Sunday, May 15, 2011

Havoc at the Hideout 5 mile trail race



Sunday May 15, 9 AM, 45F and raining

It has been raining the whole night. Me and Mike (migangelo) are approaching the registration shelter enjoying the sticky mud squishing between our toes.
This annual X-Dog event takes place on a private ranch nestled deep in the Pacific Northwest lush forest. The scenery around is beautiful and I am getting quite excited.

Cold, wet and muddy at the start

Since I started running 10 months ago I have done three road races barefoot but this is my very first trail race and also my first X-Dog event to run. I am not sure what to expect on the course but the X-Dog description is really compelling:

The venue is incredible with terrain that will satisfy every adrenaline junkie. No experience is necessary and all abilities are welcome. The course travels Hornings Hideout property, and enjoys (if you are not breathing too heavily, and the sweat is not filling your eyes, and the snot is not clogging your nose) spectacular views, lakes, creeks, dirt, logs, and more (especially the sweat, breath, and snot parts).
The course is a one lap loop with plenty of single track, and other wide sections of trail for passing and being passed. The layout and design is second to no other trail.


Everyone around us is enjoying their soaked up boat anchors so it is easy to get some attention.
You guys aren’t going to run it barefoot today, are you ?” we catch an interest of a tall guy glancing down at our naked feet.
Well, that’s the plan,” I reply trying to look calm hiding all the shivering from being cold.
He keeps going clearly trying to weaken our determination:
Believe me, I am all for running barefoot and I have run without shoes on grass before but you do not want to do that on this course in these conditions."
"I saw the course yesterday, there are some crazy steep downhills in ankle deep mud with sharp rocks buried underneath that will slice your feet like butter,” he sounds quite convincing.


I am starting to think having my KSOs in my backpack as a backup is not such a bad idea after-all. My goal is just to enjoy the ride, have fun and finish the race without injury.

Martin (stomper) arrives just in time and that makes our trio of barefoot runners complete for today.

The gun fires!
I start somewhere in the middle of our pack of 230 adrenaline loaded junkies. Some in costumes, going Hawaiian is the theme of the day.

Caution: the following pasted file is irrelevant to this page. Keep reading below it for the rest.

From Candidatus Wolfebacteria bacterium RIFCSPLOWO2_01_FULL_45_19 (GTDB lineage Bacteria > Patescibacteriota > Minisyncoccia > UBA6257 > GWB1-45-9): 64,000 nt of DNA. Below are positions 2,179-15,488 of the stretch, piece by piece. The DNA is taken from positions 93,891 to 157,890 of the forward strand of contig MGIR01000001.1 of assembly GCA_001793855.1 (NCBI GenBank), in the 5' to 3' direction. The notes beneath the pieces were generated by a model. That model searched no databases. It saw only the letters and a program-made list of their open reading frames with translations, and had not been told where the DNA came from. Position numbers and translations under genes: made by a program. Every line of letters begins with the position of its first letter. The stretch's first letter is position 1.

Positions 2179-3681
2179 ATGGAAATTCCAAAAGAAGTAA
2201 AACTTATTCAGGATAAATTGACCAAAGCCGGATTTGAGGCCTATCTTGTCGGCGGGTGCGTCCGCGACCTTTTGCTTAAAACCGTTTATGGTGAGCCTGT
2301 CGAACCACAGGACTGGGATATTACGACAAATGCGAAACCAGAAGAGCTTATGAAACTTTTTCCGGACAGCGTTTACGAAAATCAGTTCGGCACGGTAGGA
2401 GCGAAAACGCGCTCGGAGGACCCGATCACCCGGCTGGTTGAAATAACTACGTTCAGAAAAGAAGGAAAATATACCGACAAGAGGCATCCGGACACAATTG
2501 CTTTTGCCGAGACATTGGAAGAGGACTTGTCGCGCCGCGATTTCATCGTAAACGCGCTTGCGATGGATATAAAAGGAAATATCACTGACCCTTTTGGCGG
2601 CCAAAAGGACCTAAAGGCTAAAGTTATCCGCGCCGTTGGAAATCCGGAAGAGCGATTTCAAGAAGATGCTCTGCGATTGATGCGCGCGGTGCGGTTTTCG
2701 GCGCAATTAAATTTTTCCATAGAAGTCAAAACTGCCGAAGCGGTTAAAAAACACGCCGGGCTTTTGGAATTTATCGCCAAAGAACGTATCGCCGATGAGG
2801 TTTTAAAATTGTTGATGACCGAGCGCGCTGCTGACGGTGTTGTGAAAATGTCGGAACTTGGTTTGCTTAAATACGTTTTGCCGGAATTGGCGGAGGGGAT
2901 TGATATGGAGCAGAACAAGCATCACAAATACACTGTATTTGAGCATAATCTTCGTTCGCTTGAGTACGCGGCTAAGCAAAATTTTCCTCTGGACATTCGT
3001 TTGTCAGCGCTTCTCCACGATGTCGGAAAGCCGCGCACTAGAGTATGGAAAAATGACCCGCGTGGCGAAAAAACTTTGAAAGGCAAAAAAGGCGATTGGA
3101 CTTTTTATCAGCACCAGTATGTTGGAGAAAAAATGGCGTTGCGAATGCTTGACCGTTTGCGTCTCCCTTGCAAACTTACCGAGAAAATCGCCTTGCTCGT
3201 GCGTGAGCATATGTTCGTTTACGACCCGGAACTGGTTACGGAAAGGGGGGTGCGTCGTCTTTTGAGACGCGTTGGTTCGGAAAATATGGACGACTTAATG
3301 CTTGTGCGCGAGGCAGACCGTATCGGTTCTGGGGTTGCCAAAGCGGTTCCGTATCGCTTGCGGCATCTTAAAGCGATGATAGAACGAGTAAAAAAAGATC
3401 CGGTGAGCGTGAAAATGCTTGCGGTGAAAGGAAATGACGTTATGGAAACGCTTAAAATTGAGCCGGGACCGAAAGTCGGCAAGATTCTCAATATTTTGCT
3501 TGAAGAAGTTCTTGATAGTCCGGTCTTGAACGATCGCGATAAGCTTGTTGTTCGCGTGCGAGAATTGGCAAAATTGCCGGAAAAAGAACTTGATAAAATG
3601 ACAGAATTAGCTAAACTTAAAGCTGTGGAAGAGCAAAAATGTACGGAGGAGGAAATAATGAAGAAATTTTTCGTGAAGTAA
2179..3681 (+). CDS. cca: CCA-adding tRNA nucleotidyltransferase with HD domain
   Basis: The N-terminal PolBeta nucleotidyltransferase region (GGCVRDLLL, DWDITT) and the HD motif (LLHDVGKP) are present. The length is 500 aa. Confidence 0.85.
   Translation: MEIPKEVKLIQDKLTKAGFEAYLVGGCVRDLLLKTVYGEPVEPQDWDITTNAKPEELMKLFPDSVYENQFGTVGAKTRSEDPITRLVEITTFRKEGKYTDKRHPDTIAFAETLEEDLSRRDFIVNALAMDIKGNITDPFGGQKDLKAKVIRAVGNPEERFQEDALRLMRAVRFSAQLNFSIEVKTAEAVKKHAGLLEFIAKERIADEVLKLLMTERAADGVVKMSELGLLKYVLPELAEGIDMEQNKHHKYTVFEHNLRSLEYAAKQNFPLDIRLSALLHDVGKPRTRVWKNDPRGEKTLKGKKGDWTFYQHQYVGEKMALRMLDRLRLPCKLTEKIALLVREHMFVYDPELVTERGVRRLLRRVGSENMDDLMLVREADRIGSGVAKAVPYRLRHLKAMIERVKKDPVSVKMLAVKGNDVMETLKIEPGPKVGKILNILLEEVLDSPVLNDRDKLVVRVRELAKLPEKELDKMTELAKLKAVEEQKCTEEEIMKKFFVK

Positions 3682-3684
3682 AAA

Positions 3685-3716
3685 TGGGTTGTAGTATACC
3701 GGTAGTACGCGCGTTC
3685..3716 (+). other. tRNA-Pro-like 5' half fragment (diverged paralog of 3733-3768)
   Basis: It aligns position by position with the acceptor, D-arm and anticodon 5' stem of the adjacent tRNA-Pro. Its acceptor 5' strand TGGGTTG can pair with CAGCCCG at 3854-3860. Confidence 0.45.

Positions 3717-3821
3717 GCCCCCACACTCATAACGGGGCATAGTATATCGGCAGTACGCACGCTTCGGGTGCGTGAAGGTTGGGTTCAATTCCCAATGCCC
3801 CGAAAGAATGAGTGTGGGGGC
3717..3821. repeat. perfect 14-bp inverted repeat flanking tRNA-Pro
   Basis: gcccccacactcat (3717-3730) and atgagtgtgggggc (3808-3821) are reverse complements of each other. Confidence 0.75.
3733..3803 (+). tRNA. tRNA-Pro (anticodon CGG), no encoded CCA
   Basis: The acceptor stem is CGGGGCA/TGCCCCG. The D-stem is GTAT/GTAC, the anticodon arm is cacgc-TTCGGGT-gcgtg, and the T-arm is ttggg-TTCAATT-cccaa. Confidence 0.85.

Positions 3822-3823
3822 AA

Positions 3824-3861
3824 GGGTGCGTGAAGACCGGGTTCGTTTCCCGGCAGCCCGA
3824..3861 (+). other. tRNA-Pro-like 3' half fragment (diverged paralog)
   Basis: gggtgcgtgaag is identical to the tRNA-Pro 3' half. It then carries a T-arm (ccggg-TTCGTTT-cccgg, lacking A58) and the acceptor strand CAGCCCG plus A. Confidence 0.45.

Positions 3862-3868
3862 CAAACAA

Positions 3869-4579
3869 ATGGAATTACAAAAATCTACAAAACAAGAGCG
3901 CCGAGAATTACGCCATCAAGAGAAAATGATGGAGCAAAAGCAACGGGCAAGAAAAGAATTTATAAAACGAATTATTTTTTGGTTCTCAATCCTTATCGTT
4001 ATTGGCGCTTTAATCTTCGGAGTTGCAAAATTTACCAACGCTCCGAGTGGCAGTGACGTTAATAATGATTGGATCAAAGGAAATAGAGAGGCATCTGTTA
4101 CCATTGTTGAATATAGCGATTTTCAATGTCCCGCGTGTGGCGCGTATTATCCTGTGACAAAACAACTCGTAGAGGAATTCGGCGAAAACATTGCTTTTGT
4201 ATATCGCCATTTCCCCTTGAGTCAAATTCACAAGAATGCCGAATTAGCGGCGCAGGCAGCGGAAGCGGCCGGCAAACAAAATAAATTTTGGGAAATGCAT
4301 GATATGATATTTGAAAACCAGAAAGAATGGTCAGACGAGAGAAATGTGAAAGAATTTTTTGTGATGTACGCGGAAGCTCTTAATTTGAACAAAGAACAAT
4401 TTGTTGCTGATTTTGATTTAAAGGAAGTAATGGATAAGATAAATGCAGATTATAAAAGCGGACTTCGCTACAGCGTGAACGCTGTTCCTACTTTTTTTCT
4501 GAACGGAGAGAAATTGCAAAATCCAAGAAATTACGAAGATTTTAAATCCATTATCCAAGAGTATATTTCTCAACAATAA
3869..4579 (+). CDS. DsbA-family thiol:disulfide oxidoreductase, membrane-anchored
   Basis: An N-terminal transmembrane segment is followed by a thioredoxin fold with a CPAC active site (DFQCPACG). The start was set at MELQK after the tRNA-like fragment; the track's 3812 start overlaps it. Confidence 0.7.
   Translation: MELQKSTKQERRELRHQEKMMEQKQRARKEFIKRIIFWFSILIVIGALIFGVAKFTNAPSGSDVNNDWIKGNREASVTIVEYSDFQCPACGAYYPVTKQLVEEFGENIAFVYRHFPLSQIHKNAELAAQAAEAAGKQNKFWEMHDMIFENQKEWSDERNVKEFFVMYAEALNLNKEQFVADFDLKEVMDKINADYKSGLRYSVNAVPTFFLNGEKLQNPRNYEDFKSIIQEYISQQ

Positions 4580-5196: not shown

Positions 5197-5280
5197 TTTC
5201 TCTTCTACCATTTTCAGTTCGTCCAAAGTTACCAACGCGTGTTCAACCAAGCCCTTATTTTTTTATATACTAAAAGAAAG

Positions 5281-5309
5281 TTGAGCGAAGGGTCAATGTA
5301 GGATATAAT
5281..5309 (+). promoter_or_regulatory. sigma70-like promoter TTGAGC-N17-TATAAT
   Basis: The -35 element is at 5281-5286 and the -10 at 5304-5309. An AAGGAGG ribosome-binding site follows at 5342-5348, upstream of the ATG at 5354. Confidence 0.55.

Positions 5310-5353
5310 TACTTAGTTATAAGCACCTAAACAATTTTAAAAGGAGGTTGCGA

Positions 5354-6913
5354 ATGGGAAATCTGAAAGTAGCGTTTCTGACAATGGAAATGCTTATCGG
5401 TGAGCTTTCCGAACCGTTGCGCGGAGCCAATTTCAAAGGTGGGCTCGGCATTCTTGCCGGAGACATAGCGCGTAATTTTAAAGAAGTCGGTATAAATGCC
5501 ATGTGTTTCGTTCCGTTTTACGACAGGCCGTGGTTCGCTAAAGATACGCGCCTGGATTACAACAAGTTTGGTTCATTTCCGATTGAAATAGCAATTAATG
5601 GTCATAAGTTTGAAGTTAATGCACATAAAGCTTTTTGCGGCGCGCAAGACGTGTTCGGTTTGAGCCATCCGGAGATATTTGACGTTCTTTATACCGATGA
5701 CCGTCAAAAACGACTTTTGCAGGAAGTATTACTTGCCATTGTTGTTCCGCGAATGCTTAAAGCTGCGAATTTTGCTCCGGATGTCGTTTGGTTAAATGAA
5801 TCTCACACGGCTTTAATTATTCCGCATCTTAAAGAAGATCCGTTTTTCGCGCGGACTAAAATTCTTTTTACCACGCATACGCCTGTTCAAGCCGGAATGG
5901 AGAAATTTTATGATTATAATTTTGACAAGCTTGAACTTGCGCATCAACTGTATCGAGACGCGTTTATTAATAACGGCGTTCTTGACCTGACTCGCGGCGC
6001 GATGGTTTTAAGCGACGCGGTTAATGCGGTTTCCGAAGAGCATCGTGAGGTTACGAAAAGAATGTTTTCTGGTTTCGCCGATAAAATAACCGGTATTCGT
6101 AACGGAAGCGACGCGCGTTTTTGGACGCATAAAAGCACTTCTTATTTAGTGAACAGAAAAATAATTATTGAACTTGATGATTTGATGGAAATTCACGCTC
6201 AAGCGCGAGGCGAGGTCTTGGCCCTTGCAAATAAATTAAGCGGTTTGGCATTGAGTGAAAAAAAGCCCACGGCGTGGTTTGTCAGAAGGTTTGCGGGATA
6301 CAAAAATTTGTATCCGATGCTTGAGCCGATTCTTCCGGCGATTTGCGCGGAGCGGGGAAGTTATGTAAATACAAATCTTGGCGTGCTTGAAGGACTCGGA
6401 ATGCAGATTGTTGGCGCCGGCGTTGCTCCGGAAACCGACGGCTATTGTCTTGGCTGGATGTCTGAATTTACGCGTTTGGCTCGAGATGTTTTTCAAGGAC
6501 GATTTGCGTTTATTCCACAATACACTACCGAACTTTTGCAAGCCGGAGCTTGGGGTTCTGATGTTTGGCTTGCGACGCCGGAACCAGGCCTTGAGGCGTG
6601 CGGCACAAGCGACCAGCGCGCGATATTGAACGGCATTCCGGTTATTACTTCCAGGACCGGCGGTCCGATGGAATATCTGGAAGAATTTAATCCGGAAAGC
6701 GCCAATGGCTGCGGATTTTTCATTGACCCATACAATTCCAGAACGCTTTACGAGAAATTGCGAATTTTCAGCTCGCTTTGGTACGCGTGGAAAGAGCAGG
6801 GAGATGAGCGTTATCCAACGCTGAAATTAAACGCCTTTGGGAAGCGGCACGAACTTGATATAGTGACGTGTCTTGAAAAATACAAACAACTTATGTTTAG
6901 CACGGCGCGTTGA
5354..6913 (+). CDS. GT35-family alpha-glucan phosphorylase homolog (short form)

I am feeling the comforting cushy mud under my feet.
Slipping and regaining balance. So far so good.
Uphill on a single-track.
Downhill on a muddy slide. Martin comfortably slides down by me sitting on his butt.
A piece of a forest road.
A nice soft grassy meadow.
I am all warmed up by now so I start adding some speed. My feet feel like springs swinging with high cadence. I start passing people and feel energized and invincible.

The whole course pretty much looks like this.






After about 2 miles we hit the killer uphill climb. Nobody really runs anymore. ‘Zombie walking’ and crawling seem to be the only options here. I quickly realize moving uphill barefoot in a deep mud actually has its advantages. I curl my toes down and use my feet as “hooks” to get some traction. Everyone around me in shoes seems to be uncontrollably sliding back and many kissing the ground so I easily pass another bunch of runners and hit the top unharmed.

Downhills are a different story. I have a vivid picture of NakedSoleNate’s slashed feet in my mind. But I have no plans to be the next Definitive Gross Picture Thread thread winner. I am trying to stay on the side of the trail taking advantage of all the leaves, grass and debris I can find to maintain some traction. It is somewhat working but I also get my share of fun falling down into the sloshy mash. A couple of times. Get up and keep running man!

The scenery changes again. A quarter a mile on a crushed gravel forest road. It is not so bad as it looks. Bending knees a lot and a really high cadence should do it. Pumping some adrenaline helps as well.



Two knee deep creek crossings and a final sprint to the finish line. That was quick. I am almost surprised where the whole hour has gone.
I grab my camera and snatch some pictures for Mike and Martin finishing.


Mike at the finish


Martin finishing



We grab a couple of beers from the keg and then the rain slowly stops.



My feet feel great and all in one piece. All I find later that evening is just a bruise on the top of my left arch and a small cut on the other arch. Both gone in the next two days and I am up and ready for more fun.



My time was 53:46 which I am really happy with. It placed me 63rd from 230 overall (10th from 18 in my age division, average pace 10:30 ).

I am definitely hooked on BF trail racing now so the next day I am already signing up for another 10k trail race in June. And if I push my luck a bit more it may even be sunny!

Some race stats:
Length: 5.09 miles
Elevation gain/loss: 980 feet
Max. slope: 39% up, 43% down

Aerial images of the race course (track taken from my GPS)


Course elevation profile

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